NEW YORK It’s a reminder that retailers are only one step removed from litigations involving one of their suppliers, especially when that supplier is manufacturing a store brand offering for them.
But perhaps more important, it may also be an indicator that like the Food and Drug Administration, the Federal Trade Commission may be a little more proactive in pursuing regulatory actions than they may have under the Bush administration. The FDA so far this year has issued more than 60 warning letters to dietary supplement companies making inappropriate treatment or prevention claims, and that’s just since the inauguration. It’s not as though the regulation isn’t clear — supplement companies cannot make claims that their products cure, mitigate or prevent any disease state. Though to be clear, many of the recent warning letters target online-only supplement distributors making such egregious claims as cancer prevention or a swine flu cure.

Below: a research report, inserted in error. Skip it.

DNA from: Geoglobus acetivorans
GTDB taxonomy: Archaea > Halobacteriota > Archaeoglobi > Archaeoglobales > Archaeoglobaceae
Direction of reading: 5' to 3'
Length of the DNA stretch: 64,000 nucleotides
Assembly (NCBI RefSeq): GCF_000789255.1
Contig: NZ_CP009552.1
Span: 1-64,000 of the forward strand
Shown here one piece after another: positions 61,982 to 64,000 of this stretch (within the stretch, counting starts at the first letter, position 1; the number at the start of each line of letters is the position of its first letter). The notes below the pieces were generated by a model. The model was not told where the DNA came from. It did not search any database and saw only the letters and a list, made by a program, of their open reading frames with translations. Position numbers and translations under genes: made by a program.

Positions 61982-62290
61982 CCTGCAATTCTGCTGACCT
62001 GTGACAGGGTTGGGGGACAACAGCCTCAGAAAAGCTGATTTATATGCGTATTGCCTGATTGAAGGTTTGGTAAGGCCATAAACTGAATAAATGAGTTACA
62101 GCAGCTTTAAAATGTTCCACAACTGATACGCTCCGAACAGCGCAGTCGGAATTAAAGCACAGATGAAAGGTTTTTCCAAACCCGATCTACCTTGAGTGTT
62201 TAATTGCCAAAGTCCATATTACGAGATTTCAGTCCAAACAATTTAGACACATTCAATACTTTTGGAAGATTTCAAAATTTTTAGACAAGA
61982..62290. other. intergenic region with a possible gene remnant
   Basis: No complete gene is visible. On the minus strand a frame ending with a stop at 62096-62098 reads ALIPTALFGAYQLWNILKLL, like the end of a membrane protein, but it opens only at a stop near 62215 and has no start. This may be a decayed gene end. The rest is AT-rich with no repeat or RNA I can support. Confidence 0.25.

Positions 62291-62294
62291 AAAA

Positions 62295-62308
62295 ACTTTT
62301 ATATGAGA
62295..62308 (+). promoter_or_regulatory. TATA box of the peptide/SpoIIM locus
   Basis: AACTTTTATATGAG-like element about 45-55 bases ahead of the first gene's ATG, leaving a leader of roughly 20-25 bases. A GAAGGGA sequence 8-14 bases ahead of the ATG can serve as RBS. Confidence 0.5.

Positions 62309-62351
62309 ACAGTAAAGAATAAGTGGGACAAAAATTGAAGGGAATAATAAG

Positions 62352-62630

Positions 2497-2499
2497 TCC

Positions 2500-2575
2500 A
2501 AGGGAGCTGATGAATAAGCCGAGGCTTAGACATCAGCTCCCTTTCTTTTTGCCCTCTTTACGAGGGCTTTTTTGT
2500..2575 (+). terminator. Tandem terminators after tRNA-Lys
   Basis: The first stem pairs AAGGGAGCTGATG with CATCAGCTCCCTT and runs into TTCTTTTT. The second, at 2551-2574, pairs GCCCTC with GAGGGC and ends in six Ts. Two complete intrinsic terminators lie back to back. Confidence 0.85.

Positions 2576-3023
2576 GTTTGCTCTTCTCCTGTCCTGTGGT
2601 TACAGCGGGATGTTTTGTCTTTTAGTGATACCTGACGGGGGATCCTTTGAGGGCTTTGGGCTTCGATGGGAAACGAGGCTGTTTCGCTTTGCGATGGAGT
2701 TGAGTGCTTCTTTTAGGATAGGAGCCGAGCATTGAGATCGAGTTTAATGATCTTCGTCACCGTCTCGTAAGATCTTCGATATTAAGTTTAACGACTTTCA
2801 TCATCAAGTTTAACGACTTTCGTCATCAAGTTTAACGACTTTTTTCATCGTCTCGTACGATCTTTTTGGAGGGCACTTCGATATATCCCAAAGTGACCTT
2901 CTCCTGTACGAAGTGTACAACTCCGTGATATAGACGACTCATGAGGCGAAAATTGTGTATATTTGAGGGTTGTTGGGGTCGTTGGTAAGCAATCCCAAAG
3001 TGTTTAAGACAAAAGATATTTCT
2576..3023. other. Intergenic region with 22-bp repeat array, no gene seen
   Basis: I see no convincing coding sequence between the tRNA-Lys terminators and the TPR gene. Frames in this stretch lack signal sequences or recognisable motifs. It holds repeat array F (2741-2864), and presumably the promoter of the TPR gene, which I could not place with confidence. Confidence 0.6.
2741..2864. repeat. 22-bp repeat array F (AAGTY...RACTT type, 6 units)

Dietary supplement manufacturers have already done quite a bit to shed an underserved reputation of shilling snake-oil-type products. The Council for Responsible Nutrition, for example, has funded increased advertising review by the National Advertising Division, a program that’s expected to receive additional funding going forward. The association has also become more aggressive of late in defending the industry by challenging critical news reports that base their criticisms on inaccuracies or faulty meta-analyses, and counter those criticisms with arguments grounded in science.